The first time I knew anything of obi-belts was when member Nadia made one for Caroline for her secret santa present in 2009. It was very pretty but I kept my ignorance as to exactly what it was to myself until I got home. There t’internet told me that an obi-belt is a Japanese sash which is worn around a kimono. They were worn by both men and women but from the seventeenth century women’s obi-belts started to become increasingly wide and ornate, and were a symbol of status. Obi-inspired belts are very popular now and I’d thought about making one of my own, but like so many other projects it had sat on the back burner.
What prompted me to get on with it was the sad news that Nadia had died suddenly. Like everyone who knew her I was totally shocked. Nadia had joined Sew Make Believe at the same time as me, at a time when our admission had swelled the club’s numbers by almost 50 per cent. My first impression of her as we sat in the Sausage that night was her striking beauty, fun and self-possession. She was always colourful, totally confident in her own style, and always ready to laugh. Her creative projects were always based on her own inspiration and often had an imaginative quirk – like the clutch bag she made for Lauren this Christmas, complete with dividers marked ‘bits’ and ‘bobs’.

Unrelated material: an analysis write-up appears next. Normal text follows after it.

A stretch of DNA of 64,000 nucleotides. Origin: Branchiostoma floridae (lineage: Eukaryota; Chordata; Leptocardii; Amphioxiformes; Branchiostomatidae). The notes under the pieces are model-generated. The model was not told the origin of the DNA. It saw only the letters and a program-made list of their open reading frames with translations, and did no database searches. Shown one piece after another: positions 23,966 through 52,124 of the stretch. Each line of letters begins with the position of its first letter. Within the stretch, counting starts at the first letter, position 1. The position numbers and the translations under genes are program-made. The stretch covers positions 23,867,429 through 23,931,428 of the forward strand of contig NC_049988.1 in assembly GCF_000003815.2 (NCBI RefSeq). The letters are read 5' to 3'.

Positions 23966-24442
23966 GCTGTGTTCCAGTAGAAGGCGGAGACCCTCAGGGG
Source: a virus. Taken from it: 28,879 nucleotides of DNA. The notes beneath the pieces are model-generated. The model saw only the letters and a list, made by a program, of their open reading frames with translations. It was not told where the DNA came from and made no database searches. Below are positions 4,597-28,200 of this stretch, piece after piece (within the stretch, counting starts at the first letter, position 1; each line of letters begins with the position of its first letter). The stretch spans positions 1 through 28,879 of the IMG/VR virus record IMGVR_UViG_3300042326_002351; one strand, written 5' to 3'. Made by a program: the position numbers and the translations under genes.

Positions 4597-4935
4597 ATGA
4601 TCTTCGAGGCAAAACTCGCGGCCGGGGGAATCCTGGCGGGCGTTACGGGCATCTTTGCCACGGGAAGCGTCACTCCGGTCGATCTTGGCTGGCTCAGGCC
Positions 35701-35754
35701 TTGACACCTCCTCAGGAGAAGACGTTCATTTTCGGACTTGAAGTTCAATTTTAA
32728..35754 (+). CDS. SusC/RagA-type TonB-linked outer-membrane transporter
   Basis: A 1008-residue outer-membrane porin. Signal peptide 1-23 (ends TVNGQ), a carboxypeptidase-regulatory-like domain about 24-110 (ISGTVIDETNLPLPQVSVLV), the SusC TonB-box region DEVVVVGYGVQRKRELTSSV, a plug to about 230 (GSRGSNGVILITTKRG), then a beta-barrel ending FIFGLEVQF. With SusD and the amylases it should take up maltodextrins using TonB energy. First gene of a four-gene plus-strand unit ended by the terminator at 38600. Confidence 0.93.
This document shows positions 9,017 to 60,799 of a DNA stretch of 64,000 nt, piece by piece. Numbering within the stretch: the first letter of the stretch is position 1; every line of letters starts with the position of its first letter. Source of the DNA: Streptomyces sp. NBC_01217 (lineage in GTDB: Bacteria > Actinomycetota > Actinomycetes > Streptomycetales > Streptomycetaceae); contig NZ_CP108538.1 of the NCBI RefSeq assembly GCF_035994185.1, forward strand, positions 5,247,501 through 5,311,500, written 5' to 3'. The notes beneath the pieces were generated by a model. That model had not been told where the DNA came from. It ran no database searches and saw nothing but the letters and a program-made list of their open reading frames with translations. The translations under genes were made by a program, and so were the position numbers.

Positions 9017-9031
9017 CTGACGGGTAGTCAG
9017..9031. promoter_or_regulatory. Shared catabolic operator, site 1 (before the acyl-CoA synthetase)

I’ve found myself thinking of Nadia a lot since I heard the news, and it prompted me to finally make my belt, using some of the brightest patterns I could find in my stash. I based mine on a pattern in a back issue of Sew Hip which is actually the one Nadia used for her inspiration too. You can find other tutorials on the web, for example, here (scroll down to the comments) and here, but you can make it up easily enough – it’s just three or four strips of fabric sewn together with a decorative machine stitch if you like, with a long sash at either end. The whole thing should wrap twice around your body and tie at the front. I have no idea if Nadia would have liked my belt – she was at least twice as cool as me, after all – but whenever I see it instead of remembering what we’ve all lost I’ll think of her fun, her brightness and her craziness. It seems much more fitting, somehow.